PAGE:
[extropy-chat] Firefox 2 [was: The End of Science]
Rik van Riel
riel at surriel.com
Sat Oct 28 02:09:31 UTC 2006
Robert Bradbury wrote:
> 2. They are *not* catching memory allocation failures in C++. A robust
> system or program will tolerate hardware failures (say a swap drive dies
> and/or no more paging space is available). This is not the case with
> Firefox as it is currently written.
If there's anything I've learned from being a software engineer,
it is that creating software is not an engineering field.
At least, not in the traditional sense. People building bridges
know exactly how every piece of a bridge interacts with every
other part of a bridge.
Software tends to have a lot of complex interactions between
components that were not predicted when the software was created.
Most software creations end up being a surprise, even to the
people who created it. You know roughly what it does, but cannot
predict the corner cases.
Unlike say, bridges, where the engineers tend to know the corner
cases in advance.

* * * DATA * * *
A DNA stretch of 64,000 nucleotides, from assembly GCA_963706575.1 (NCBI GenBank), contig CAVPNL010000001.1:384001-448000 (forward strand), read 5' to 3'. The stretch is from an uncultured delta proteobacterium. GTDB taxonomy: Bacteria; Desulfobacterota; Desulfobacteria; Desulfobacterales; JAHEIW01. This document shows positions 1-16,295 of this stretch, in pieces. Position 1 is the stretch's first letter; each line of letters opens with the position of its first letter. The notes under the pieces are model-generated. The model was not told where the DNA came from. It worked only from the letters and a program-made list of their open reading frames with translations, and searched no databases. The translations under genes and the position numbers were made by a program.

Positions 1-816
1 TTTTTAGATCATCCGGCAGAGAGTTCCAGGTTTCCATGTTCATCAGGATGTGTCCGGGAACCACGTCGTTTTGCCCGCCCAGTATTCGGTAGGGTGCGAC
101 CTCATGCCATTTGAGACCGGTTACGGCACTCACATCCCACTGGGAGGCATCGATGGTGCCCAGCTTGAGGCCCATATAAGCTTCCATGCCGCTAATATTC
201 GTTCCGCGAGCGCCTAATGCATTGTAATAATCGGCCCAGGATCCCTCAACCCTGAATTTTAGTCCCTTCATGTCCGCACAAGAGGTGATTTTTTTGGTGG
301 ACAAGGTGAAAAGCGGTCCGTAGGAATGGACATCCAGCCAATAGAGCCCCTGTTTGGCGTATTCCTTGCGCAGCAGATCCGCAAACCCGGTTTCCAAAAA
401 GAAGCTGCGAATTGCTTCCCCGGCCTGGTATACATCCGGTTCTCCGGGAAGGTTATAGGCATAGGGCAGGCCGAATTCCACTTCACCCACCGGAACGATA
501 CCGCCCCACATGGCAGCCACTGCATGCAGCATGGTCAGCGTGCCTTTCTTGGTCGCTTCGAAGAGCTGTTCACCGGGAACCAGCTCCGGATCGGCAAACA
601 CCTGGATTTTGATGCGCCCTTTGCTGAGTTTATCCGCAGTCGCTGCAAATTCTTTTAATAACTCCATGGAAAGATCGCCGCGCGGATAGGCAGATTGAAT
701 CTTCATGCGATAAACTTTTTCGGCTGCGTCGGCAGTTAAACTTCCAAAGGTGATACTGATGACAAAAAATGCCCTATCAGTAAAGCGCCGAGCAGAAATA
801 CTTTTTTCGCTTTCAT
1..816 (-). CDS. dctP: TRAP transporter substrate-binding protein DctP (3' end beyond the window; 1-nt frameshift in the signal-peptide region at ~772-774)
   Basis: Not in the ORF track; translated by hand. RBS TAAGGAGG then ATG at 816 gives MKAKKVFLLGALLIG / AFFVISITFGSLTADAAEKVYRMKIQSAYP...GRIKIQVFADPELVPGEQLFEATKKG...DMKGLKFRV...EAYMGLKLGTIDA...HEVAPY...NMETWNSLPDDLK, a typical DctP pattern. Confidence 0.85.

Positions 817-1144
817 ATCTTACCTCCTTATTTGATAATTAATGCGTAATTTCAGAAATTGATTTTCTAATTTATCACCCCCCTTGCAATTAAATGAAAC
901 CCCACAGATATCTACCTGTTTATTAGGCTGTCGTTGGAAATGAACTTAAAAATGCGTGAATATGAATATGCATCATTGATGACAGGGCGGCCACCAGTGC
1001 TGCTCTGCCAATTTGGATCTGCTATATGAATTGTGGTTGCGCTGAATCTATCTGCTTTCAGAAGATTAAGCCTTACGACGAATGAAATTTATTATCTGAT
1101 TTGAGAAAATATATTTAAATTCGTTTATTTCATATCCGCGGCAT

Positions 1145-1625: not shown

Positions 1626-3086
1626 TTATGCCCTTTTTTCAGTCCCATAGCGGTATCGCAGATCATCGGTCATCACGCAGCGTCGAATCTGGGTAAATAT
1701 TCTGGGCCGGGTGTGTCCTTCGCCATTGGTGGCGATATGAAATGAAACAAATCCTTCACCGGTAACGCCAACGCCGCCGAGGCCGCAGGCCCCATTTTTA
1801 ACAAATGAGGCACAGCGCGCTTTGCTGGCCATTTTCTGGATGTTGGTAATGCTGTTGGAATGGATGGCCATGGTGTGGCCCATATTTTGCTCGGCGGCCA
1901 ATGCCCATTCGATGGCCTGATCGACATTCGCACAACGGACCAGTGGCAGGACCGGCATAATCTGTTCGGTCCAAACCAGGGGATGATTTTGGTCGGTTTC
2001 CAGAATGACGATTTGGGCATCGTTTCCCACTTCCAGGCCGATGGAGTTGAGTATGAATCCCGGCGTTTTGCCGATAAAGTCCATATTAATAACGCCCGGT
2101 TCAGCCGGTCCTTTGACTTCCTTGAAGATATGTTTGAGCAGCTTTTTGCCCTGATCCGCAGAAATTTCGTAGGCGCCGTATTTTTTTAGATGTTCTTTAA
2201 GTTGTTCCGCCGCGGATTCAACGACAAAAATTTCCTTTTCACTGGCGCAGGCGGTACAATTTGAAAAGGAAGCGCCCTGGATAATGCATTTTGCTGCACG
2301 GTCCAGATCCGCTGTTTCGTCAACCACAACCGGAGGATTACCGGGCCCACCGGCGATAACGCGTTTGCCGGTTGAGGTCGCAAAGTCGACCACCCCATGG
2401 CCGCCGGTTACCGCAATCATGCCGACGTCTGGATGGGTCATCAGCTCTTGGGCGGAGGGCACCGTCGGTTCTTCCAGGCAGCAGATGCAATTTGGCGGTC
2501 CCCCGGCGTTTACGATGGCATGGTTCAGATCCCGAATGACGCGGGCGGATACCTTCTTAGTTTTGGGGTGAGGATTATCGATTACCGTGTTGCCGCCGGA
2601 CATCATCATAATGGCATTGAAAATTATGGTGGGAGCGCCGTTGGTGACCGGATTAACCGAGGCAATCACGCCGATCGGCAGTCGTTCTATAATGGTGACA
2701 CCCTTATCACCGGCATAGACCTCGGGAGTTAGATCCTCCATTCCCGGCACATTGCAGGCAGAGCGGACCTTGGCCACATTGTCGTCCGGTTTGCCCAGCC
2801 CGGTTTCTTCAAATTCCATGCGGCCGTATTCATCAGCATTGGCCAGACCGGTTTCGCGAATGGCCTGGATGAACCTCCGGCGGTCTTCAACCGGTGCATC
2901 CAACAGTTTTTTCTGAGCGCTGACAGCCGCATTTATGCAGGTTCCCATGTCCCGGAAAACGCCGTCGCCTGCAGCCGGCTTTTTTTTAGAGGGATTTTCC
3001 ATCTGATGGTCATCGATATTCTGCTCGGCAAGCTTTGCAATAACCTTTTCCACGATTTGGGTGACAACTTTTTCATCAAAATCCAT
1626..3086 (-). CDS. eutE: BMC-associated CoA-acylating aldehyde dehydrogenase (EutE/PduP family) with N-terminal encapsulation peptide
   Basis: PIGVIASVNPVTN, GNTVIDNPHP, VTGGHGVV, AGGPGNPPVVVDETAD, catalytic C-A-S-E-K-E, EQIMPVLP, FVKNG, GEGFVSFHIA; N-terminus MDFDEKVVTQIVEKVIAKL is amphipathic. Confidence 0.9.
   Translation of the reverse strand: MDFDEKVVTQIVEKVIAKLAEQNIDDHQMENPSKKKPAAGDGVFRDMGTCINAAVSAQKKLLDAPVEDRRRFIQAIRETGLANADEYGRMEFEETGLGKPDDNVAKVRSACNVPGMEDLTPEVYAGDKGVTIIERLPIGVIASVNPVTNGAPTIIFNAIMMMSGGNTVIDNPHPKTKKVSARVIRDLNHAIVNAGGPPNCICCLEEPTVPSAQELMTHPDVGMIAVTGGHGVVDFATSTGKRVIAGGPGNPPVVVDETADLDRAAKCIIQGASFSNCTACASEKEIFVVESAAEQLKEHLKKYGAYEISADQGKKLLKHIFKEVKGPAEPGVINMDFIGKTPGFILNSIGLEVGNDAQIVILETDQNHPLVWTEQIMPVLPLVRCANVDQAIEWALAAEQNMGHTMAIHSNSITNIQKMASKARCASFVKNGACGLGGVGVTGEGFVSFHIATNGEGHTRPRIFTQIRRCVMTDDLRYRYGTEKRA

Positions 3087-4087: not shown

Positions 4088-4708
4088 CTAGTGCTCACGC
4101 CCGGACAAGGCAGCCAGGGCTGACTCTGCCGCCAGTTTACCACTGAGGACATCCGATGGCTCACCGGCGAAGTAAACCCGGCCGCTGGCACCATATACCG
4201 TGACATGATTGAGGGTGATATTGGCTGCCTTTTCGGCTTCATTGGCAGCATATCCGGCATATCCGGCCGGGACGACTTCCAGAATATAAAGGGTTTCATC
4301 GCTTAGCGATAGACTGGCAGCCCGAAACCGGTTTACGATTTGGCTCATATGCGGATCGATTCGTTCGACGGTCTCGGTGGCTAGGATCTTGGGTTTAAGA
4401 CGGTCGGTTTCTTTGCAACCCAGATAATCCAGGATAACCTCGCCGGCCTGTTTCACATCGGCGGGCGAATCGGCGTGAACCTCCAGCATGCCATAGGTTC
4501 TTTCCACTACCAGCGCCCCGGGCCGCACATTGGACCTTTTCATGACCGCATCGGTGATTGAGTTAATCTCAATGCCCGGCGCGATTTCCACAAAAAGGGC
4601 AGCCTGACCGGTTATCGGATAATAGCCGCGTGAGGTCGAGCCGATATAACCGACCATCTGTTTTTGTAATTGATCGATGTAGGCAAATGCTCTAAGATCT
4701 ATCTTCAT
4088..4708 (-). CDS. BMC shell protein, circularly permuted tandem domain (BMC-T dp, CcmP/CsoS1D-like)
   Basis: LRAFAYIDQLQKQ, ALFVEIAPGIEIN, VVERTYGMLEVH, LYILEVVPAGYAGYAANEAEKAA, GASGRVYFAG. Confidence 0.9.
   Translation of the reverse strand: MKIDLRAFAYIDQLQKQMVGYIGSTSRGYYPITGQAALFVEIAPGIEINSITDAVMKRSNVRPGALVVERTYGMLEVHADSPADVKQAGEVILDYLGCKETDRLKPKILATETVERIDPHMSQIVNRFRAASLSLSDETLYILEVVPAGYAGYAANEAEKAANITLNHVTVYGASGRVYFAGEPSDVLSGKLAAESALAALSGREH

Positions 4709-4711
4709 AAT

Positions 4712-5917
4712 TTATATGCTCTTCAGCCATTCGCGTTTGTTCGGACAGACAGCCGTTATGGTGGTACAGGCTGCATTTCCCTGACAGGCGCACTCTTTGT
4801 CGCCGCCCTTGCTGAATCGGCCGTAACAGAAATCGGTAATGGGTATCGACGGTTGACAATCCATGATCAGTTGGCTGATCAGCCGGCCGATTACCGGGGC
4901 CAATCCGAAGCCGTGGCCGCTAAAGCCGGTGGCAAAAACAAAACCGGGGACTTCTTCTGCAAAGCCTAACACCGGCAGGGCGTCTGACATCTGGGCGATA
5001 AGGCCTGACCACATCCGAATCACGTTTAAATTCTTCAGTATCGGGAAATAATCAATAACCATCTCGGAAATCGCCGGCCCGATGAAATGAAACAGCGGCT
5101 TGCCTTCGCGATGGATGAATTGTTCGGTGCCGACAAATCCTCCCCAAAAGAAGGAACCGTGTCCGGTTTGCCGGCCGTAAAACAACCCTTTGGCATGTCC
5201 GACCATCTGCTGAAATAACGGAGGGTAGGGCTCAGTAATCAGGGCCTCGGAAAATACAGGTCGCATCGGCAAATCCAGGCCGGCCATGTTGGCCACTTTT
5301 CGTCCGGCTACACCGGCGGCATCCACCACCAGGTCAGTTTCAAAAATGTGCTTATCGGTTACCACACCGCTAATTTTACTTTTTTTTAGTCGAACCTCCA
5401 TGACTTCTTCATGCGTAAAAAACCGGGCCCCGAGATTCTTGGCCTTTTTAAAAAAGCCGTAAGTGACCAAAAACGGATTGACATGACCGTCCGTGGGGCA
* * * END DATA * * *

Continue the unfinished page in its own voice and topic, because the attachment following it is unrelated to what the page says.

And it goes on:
I know there are programming and management strategies that are
supposed to result in more reliable software. However, most of
the software built using the highly controlled methods tends to
be rather limited in functionality.
I have not heard of any highly complex pieces of software that
were created in a more controlled way, or are rumored to have
very few bugs.
Maybe the more controlled methods of creating software are simply
too expensive to be feasible for most software?
I have noticed that peer review tends to result in better code,
but that is no panacea either since people tend to not want to
look at bad code :)
Code in some fields appears to be bad regardless of who wrote it.
For example, I have never seen nice code for IRC, and only one of
the dozen or so email programs that I looked at has remotely nice
In short, I am not convinced people know how to put together a
feature rich computer program in a relatively bug free way.
Firefox is more complex than usual, and more buggy than usual...
Maybe the complexity is the problem. Not sure how to fix that
Who do you trust?
The people with all the right answers?
Or the people with the right questions?
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